Scientific software from all areas of scientific research is pivotal to obtaining novel insights. Yet the coding standards adherence of scientific software is rarely assessed, even though it might lead to incorrect scientific results in the worst case. Therefore, we have developed an open source tool and benchmark called SoftWipe, that provides a relative software coding standards adherence ranking of 48 computational tools from diverse research areas. SoftWipe can be used in the review process of software papers and to inform the scientific software selection process.
Scientific software (henceforth called software) has become pivotal for discoveries in almost all research fields, including emerging areas such as the digital humanities. The importance of software has become evident to the broad public by the plethora of computational tools (henceforth called tools) used to analyze SARS-CoV-2 data, for instance. However, due to the conditions under which software is typically being developed, such as, lack of sustainable funding for maintaining widely used tools, lack of time, and a lack of formal training in computer programming and software engineering, the software quality with respect to coding standards adherence (henceforth called software quality for brevity) exhibits a large variance. More importantly, software quality is typically not taken into account in the software development, software paper review, or in the tool selection process, for instance, when two computational tools provide analogous functionality.
The term ’coding standards adherence’ (or ’software quality’) is admittedly fuzzy, but offers a handle to perform largely automated analyses of scientific open source tools based on a set of objective criteria and measures. Such an automated analysis of numerous tools would be hard if one wanted to apply proper software verification techniques. When a tool exhibits ’bad’ software quality, this does absolutely not imply that it is erroneous. However, it does imply that the probability for it to generate faults that might, in the worst case, lead to paper retractions or incorrect results obtained with the faulty tool is higher (based on results from the area of empirical software engineering1,2). See the introduction of3 for a list of some high profile retractions and corrections because of software errors. For the above reasons, we strongly advocate that software quality should be assessed in the development, review, and tool selection process.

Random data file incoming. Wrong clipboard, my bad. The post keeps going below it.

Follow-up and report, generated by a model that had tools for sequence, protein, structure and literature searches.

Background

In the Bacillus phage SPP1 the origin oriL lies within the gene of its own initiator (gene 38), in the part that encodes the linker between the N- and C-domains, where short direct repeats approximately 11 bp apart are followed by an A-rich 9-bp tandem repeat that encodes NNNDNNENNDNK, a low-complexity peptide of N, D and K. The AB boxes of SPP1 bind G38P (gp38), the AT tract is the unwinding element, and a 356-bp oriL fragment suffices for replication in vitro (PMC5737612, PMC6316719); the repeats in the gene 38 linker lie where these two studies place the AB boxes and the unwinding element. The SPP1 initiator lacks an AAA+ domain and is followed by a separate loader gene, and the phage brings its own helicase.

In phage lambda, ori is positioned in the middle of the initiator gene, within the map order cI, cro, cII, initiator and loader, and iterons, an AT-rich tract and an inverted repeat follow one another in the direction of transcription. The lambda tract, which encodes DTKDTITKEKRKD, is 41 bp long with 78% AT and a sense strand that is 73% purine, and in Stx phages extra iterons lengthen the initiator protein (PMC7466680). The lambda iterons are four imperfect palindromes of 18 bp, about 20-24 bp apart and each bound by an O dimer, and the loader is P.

To this end, and based on our previous work4 where we manually assessed the software quality of widely used tools for evolutionary biology, we introduce SoftWipe, a largely automated open source tool and benchmark for assessing the software quality of open source tools written in C or C++. We envision that SoftWipe can be used by authors/developers (e.g., requiring them to provide their SoftWipe score with the submission), reviewers and researchers to integrate software quality into the review process and to raise awareness about software quality and engineering issues which are crucial for the success of computational science in general.
The SoftWipe score is a relative score over a number of software quality indicators (see further below and the supplement for a description of these indicators). The best-ranking tool per indicator receives a score of 10 while the worst ranking tool per indicator receives a score of 0. Subsequently, we compute the average unweighted score per tool over all per indicator scores to obtain a global software quality ranking. Prior to the global score calculation, the per indicator scores are corrected for outliers (see supplement for details).
This global relative score might change over time as more tools are being added to the benchmark and will therefore be difficult to reference. We have therefore also devised an absolute fixed global score (see supplement for mathematical details) that does not change when further tools are added to the benchmark and that can therefore easily be referenced.
We use the following software quality indicators (normalized by average values per 1000 lines of code (LoC)) to rate the tools: number of compiler, sanitizer, and static code analyzer warnings as generated by a variety of tools, number of assertions used, cyclomatic code complexity which is a software metric to quantify the complexity/modularity of a program, inconsistent or non-standard code formatting, and the degree of code duplication. Further, we approximate the overall fraction of test code by detecting test files and dividing the lines of test code by the overall lines of code. A file is considered a test file if the path or the file name contains the “test” keyword.
The selection of these quality indicators is based on results from the area of empirical software engineering and is thus not arbitrary. For instance, a study has established the connection between the amount of gcc compiler warnings and the revision numbers of source files in five industrial software projects5. Further, the predictive ability of the cyclomatic complexity as a metric for bug prediction has been demonstrated6. It has also been established that static analysis and code complexity metrics constitute early indicators of software defects7 and that code churn, complexity metrics, and static analysis results can be used to train an enhanced fault prediction model for embedded software8. The authors found that, when using a gradient boosting approach to conduct a simple binary classification of (automotive) software components into fault-prone and not fault-prone in a retrospective study, precision (number of fault-prone components returned divided by number of total components returned) and recall (number of fault-prone components returned divided by number of fault-prone components that should have been returned) values exceeded 90%.